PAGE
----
Carleton University is committed to protecting and enhancing the ecosystems and green spaces that the university owns, manages, or impacts, in order to improve biodiversity and support a landscape that can respond to future climate change.
The Carleton Campus is fortunate to be located in a very natural and green setting, bordered by the Rideau Canal and Rideau River. Students have long identified it as one of the most remarkable parts of the Carleton experience.
Biodiversity in Campus Plans and Policies
Carleton University’s land use and management of the 62-hectare campus impacts the local ecosystem through the use of water, campus development and construction, landscaping applications (such as fertilizers in the summer or salt in the winter), and stormwater management. The university has a policy for integrated pest management and has not used chemical pesticides on the grounds for at least five years.
Outdoor Space Master Plan
Carleton University developed an Outdoor Space Master Plan in 2020 to help us better plan and develop the outdoor spaces on the campus. This document will assist the university in identifying and prioritizing outdoor improvements to the campus, such as:
- Sidewalks, paths, and trails across the campus to enhance safety and access for pedestrians and cyclists
- Future open space projects to develop green space
- Renovations to existing open spaces to make them more welcoming and multi-seasonal
- Development of a standard for street furniture and lighting
- Indigenous-focused elements
- New pedestrian bridge connection to Vincent Massey Park
Campus Master Plan
Carleton University has undergone significant changes since the adoption of the first campus master plan in 2010, including the construction of Richcraft Hall, Canal Building, and the new Health Sciences building. The purpose of the current master plan is to establish policies, parameters, and directions for the physical development of the campus, including green spaces. READ MORE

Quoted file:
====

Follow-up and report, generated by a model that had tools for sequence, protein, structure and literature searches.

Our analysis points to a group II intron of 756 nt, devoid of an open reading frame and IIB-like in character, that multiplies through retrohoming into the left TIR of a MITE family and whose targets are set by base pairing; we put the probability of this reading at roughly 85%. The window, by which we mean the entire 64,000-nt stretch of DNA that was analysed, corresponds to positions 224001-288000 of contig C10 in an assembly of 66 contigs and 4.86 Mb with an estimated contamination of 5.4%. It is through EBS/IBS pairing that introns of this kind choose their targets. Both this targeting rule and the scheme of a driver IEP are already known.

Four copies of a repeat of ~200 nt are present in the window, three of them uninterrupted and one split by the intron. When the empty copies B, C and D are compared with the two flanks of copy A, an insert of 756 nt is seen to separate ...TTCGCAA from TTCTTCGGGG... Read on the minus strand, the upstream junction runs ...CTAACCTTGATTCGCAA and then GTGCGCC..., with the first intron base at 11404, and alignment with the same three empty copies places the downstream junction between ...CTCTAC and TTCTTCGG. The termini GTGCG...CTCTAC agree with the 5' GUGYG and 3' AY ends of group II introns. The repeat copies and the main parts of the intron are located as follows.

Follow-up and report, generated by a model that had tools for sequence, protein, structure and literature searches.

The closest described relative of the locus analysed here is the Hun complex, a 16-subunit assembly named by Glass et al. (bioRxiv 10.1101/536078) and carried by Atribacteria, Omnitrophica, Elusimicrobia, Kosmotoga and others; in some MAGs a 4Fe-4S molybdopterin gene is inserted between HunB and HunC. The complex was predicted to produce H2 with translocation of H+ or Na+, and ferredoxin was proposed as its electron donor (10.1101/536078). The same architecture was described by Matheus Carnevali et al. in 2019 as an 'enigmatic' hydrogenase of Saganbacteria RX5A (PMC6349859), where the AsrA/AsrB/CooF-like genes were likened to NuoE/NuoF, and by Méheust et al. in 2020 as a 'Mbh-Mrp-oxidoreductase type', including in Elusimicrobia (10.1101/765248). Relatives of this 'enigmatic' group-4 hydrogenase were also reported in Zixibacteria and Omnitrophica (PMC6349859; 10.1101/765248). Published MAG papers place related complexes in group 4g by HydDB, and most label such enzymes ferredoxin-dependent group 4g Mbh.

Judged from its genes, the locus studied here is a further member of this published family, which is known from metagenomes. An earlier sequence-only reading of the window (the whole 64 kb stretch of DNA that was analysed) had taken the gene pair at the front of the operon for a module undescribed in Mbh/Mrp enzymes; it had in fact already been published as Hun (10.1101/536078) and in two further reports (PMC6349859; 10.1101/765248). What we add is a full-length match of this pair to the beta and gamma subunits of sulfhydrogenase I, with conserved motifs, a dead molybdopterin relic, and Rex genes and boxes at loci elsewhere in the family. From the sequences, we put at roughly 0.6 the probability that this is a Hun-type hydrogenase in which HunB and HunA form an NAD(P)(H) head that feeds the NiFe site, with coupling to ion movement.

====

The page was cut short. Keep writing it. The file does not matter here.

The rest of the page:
Carleton is committed to protecting and enhancing biodiversity on its campus. To prevent bird collisions, visual markers (decals) have been applied to the exterior surface of the glass on multiple buildings on campus. It is also now a standard in our design guidelines to incorporate bird-friendly glazing on new construction and major renovation projects involving the exterior of the building.
Current Buildings with Bird-Friendly Glazing
- Engineering Design Centre (EDC) – extension on Mackenzie Building
- Health Sciences Building
- Nicol Building
- Pigiarvik (ᐱᒋᐊᕐᕕᒃ)
- Southam Hall
Carleton has also partnered with SafeWings Ottawa to report bird collisions and work towards campus-wide data and identifying key buildings for additional visual markers. If you observe a bird collision, you can report it through the SafeWings Ottawa website or email Sustainability Carleton with your concerns.
Nature Positive University
In 2022, Carleton joined other universities around the world in a pledge to become Nature Positive. Being a Nature Positive university means “restoring species and ecosystems that have been harmed by the impacts of a university and its activities and enhancing the university’s positive impacts on nature” (Becoming Nature Positive).
As part of our commitment to the Nature Positive Universities program, Carleton is working towards assessing a biodiversity baseline and setting specific, measurable targets towards enhancing biodiversity on campus and becoming Nature Positive. We will also report on our progress annually within our comprehensive sustainability reports, which can be found here.
For more information about the Nature Positive Universities program, click here.
iNaturalist Biodiversity Inventory
Do you want to help play a part in developing Carleton’s biodiversity inventory?
Join our iNaturalist project and submit your observations of species you find on campus.